Neon Therapeutics closed 2019 by curtailing its cancer vaccine programs and laying off 24 percent of its workforce, part of a corporate restructuring aimed at finding a new path for the company. That new path will now be as a division of cancer drug developer BioNTech.
BioNTech announced Thursday that it has agreed to acquire Cambridge, MA-based Neon (NASDAQ: NTGN) in a $67 million stock deal. According to the terms, the BioNTech shares that Neon shareholders will receive value the company at $2.18 per share—a 77.2 premium to Wednesday’s closing stock price. When Neon went public less than two years ago, it priced its shares at $16 apiece.
Neon’s stock price started the trading day at $1.98, up 60 percent from Wednesday’s close. Shares of Mainz, Germany-based BioNTech (NASDAQ: BNTX) opened 3.4 percent higher at $35.75 apiece.
For most of its short history, Neon has researched cancer vaccines made from a patient’s own tumors. These vaccines focused on neoantigens, proteins that are found only on the surface of cancer cells. Such a personalized vaccine was intended to prompt an immune response to fight the cancer.
Last summer, Neon reported encouraging results from a Phase 1 study testing its lead cancer vaccine in patients with solid tumors. But the study was small, and the patients enrolled were first treated with nivolumab (Opdivo), an immunotherapy made by Bristol-Myers Squibb (NYSE: BMY). That made it difficult to determine how much of the patient benefit could be attributed to the Neon vaccine. Neon expected to learn more from Phase 2 studies. The company never got to those tests.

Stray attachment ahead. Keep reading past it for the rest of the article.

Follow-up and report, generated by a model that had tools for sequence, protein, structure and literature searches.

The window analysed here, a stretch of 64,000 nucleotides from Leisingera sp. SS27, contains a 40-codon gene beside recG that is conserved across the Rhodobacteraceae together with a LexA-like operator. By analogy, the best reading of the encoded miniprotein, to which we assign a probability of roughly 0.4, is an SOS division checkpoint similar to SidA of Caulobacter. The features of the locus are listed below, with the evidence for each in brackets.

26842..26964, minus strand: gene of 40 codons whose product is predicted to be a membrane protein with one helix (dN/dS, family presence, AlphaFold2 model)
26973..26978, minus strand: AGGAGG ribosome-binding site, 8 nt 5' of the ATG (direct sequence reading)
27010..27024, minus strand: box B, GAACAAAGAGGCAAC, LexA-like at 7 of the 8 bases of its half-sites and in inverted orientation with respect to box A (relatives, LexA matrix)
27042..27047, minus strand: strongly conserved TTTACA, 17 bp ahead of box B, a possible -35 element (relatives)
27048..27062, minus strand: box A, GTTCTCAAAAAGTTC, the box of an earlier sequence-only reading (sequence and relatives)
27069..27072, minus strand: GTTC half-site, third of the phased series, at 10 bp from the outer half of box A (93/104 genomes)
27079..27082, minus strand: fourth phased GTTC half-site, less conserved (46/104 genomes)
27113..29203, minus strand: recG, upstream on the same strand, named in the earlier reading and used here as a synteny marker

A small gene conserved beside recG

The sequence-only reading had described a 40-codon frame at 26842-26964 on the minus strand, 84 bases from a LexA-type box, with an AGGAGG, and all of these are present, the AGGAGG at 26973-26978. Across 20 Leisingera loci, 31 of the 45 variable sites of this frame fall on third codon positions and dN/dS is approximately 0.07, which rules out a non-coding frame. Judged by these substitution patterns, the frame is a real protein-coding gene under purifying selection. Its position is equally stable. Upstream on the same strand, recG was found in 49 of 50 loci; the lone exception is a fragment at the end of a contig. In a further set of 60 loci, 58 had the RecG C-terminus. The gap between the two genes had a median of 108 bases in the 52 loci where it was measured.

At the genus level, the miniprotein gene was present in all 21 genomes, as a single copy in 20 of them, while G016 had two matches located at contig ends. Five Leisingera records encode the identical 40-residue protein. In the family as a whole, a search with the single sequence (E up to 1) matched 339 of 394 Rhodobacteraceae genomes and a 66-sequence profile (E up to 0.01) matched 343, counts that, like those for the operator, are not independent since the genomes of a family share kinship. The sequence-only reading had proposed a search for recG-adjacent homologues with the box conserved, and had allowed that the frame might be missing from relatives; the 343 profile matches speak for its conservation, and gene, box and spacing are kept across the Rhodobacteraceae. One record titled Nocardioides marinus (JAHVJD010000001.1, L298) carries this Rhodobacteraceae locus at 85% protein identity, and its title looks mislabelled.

At the end of the third quarter of 2019, Neon had $44.2 million in cash—not enough to last one year, according to its quarterly report filed in November. One week after filing that report, the company announced the layoffs and corporate restructuring. The company said it would not spend any new money on its cancer vaccine research and would focus instead on its neoantigen T cell programs. Neon added that it was exploring “strategic alternatives,” the financial code words for finding a buyer for the company or its technology.
With the no new investment going into cancer vaccines, Neon’s most advanced program is NEO-PTC-01, a personalized T cell therapy candidate that targets neoantigens on a patient’s tumors. That program is preclinical but is being prepared for human tests in Europe. The company has said it plans to evaluate the therapy in melanoma patients whose cancer has spread and is not responding to treatment with a type of immunotherapy called a checkpoint inhibitor. Neon has another preclinical T cell therapy, NEO-STC-01, that targets neoantigens associated with the RAS gene, which has become a hot target for cancer drug developers. That program is being developed initially for pancreatic cancer.
Founded in 2008, BioNTech is also developing cancer drugs, though with different approaches than Neon. The German company’s pipeline includes messenger RNA cancer immunotherapies, CAR-T cell therapies, targeted cancer antibodies, and small molecule drugs. The company’s cancer drug research partners include Eli Lilly (NYSE: LLY), Genmab (NASDAQ: GMAB), and Sanofi (NYSE: SNY).
BioNTech’s acquisition of Neon has been approved by the boards of directors of both companies. It still needs approval by Neon shareholders. The companies expect the transaction will close in the second quarter of this year. When it does, BioNTech says Neon will operate as a subsidiary, serving as a US hub for research and clinical development.
Image by the National Cancer Institute